Rep. Geoff Davis says United States has difficult relationship with Pakistan, Iraq invasion a mistake

05/23/2011 01:31 PM

Finding Osama bin Laden hiding in plain sight in Pakistan has strained relations between the United States and that country and called into question the $20 billion in foreign aid sent to Pakistan, said Kentucky Republican Congressman Geoff Davis.

Davis, who represents the 4th congressional district in Northern Kentucky, called the relationship schizophrenic, and said the United States should only continue its aid to the country if Pakistan meets certain performance measures.

“I think that it’s got to be based on performance: information that doesn’t put Americans at risk, not threatening to cut off our supply lines,” Davis said (see the 1:40 mark of the clip)

Davis also questioned the foreign policy approaches of President Barack Obama and former President George W. Bush — specifically Bush’s decision to invade Iraq in 2003.

Davis is in a unique position to talk about United States military operations and international relations.

He serves as Co-Chairman of the National Security Interagency Reform Working Group and was an Army Ranger and Assault Combat Helicopter Commander after graduating from West Point.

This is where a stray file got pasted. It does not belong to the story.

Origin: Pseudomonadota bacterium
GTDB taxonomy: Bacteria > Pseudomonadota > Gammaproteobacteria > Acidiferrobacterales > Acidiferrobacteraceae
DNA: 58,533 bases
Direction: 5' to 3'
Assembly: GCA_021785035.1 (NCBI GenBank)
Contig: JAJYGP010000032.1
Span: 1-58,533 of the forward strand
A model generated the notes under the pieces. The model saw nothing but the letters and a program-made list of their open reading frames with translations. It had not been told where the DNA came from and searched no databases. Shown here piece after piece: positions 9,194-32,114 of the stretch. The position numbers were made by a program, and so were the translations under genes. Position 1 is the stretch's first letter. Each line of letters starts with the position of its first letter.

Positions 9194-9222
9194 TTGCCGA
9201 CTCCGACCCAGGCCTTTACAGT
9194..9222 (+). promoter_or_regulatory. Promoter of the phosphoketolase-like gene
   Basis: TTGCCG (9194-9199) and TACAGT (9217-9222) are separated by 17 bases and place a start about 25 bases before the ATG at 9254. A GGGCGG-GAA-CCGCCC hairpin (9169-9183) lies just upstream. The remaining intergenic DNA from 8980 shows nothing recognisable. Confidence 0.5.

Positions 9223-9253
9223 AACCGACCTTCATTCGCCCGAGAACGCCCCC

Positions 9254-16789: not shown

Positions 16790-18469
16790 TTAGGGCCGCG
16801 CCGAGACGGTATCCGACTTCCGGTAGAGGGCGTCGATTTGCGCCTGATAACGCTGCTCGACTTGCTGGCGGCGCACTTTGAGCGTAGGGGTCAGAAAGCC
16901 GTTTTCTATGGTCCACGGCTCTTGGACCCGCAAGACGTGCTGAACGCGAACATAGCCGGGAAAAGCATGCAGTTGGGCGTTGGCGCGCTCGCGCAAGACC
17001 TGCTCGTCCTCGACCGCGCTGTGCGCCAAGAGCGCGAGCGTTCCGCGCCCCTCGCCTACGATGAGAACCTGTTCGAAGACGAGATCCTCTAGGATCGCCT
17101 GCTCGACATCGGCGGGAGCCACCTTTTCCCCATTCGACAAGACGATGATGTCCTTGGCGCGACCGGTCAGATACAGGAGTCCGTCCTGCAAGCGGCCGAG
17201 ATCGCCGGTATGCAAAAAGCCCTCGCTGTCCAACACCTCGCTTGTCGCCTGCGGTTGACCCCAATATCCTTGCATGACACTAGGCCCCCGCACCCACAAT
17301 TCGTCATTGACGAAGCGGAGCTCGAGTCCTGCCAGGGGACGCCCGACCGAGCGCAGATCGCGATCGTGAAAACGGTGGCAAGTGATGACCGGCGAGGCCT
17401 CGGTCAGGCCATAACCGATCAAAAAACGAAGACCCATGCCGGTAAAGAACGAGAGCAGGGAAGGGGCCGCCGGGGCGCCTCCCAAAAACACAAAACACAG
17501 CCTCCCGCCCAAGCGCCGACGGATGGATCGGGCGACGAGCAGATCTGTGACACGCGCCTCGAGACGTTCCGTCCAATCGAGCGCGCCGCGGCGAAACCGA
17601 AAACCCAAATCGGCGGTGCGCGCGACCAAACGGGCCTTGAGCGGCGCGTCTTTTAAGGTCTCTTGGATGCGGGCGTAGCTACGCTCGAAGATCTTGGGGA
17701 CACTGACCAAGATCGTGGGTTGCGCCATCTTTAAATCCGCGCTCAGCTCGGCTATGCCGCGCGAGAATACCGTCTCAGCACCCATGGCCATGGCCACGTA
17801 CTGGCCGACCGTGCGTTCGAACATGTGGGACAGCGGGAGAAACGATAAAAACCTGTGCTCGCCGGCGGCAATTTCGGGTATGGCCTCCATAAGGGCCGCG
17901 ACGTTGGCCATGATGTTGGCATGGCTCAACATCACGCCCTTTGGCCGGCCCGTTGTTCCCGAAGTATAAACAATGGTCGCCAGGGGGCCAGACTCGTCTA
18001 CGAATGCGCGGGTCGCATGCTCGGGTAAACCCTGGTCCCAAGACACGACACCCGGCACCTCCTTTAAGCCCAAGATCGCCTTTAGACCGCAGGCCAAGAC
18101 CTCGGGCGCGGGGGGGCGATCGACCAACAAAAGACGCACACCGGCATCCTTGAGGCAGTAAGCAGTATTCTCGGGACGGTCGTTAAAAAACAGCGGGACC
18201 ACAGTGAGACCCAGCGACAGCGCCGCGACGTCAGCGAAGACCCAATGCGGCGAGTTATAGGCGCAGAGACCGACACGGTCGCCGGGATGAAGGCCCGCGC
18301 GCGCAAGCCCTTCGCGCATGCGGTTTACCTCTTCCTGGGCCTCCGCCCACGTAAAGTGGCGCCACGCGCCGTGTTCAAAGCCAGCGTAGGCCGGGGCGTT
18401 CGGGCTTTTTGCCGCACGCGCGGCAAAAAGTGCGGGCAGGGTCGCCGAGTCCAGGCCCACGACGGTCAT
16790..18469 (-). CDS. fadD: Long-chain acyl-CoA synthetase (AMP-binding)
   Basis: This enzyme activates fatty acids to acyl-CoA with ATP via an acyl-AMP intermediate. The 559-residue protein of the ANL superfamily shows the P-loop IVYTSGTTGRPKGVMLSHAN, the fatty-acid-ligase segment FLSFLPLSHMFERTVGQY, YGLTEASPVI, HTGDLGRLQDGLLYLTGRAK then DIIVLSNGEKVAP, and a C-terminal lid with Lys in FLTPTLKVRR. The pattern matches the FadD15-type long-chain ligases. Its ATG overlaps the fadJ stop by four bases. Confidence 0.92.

Davis said he believes the United States military is in Libya without congressional approval, and said it was a mistake to get involved in a country that poses no threat to the U.S.

“We have plunged into probably the worst country in all of the Middle East that you would choose” Davis said. “I think we should learn from our mistakes and not repeat them.” (see the 4:10 mark of the video)

Davis said the invasion of Iraq was the mistake he was speaking of, and the U.S. got involved in Iraq based on bad information. He said going to war in Libya was a mistake that puts the country in the perilous position of possibly backing and arming jihadists who have vowed to kill Americans or hurt American interests in the Middle East.

“I think it’s fraught with risk. It’s a short-sighted, foolish policy,” Davis said. (see the 6:45 mark of the video)

And Davis said the war in Afghanistan was botched in certain ways as well. For instance, he took issue with Bush and then-Secretary of Defense for not going into Afghanistan with enough troops and for not listening to the commanders in the field.

“It was run as what’s called an economy of force operation, almost from day one,” Davis said. “If you’re going to do this, regardless of the politics and the question from a constitutional perspective, you need to go in, as Jesus said, count the cost before you build the tower. The professionals were saying this is what it will take – it eventually took that, at the cost of many lives.” (see the 8-minute mark of the video)


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